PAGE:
Linnarsson’s team used a barcoding approach to correct for amplification bias—a perennial problem with single-cell sequencing strategies. But transcriptome recovery was incomplete; Linnarsson estimates they recovered “a bit less than half” (48 percent) the total RNA population from each cell. Still, that’s better than most other single-cell approaches, Linnarsson notes, where recovery is typically 10 percent. RNA likes to stick to surfaces, he explains. “Putting it in a tiny chamber probably helps to increase reaction efficiency and avoid loss.”

Though the work was largely a proof of principle, the data suggest that ESCs resonate between pluripotency and prodifferentiation states. “It’s like they are thinking about differentiating, and then they stop thinking about that and go back to being pluripotent,” Linnarsson explains.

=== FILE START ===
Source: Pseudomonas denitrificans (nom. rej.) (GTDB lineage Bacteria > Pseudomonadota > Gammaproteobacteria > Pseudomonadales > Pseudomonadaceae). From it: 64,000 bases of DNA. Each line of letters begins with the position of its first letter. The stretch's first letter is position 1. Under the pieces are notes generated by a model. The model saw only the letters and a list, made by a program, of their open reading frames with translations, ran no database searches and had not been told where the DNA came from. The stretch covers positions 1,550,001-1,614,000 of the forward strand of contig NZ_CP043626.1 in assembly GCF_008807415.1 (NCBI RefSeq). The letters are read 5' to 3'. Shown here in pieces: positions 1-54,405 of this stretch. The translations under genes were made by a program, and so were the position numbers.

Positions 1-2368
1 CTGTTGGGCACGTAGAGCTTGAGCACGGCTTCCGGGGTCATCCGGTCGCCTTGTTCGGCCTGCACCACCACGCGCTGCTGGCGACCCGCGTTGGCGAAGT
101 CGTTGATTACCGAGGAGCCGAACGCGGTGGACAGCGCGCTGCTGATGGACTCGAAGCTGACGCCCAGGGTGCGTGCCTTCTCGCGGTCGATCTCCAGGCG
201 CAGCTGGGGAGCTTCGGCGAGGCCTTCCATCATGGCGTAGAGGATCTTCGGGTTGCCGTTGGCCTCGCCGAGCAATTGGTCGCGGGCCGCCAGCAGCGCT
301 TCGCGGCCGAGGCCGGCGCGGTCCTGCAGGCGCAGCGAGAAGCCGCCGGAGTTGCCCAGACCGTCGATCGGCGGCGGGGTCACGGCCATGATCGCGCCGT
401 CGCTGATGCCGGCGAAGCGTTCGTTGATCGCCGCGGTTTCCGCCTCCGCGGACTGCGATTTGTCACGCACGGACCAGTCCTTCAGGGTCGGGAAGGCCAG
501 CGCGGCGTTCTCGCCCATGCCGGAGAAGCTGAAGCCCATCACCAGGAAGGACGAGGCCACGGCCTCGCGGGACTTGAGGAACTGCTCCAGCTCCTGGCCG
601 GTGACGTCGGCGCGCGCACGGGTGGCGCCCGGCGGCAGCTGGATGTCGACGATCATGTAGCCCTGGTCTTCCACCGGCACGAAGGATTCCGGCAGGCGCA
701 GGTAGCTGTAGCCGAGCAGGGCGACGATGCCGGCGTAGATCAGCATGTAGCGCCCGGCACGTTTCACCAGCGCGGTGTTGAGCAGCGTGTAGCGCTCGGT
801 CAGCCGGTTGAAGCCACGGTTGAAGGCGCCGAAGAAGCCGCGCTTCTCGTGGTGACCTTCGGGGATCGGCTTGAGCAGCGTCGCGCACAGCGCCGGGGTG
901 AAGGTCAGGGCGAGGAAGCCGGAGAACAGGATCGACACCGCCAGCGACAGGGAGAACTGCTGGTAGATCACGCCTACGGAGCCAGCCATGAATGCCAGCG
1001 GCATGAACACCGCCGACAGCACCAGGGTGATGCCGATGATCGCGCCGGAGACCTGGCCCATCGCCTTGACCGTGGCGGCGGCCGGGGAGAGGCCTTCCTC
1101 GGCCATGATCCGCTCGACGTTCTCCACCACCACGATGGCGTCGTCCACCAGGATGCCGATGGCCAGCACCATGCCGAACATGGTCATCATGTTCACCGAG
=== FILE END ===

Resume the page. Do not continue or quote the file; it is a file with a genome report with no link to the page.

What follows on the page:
CONSIDERATIONS: One key advantage of the Fluidigm platform was the ability to view the cells prior to data analysis. That enabled Linnarsson’s team to exclude unhealthy cells, something that would have been impossible with FACS sorting. Another benefit: Imaging allows correlation of transcriptome and morphology, an especially powerful validation step for the neural tissues Linnarsson studies. Still, throughput is limiting. Each chip run takes 10–12 hours and captures 96 cells, of which only some may be healthy. “We’re interested in thousands [of cells]. So there’s a huge discrepancy there.”

COST: Linnarsson says his lab’s C1 Auto Prep cost about 1.2 million kr (Swedish krona), or about $183,000. Individual chips cost $450–$500. 

Interested in reading more?

Magaizne Cover

Become a Member of

Receive full access to digital editions of The Scientist, as well as TS Digest, feature stories, more than 35 years of archives, and much more!
Already a member?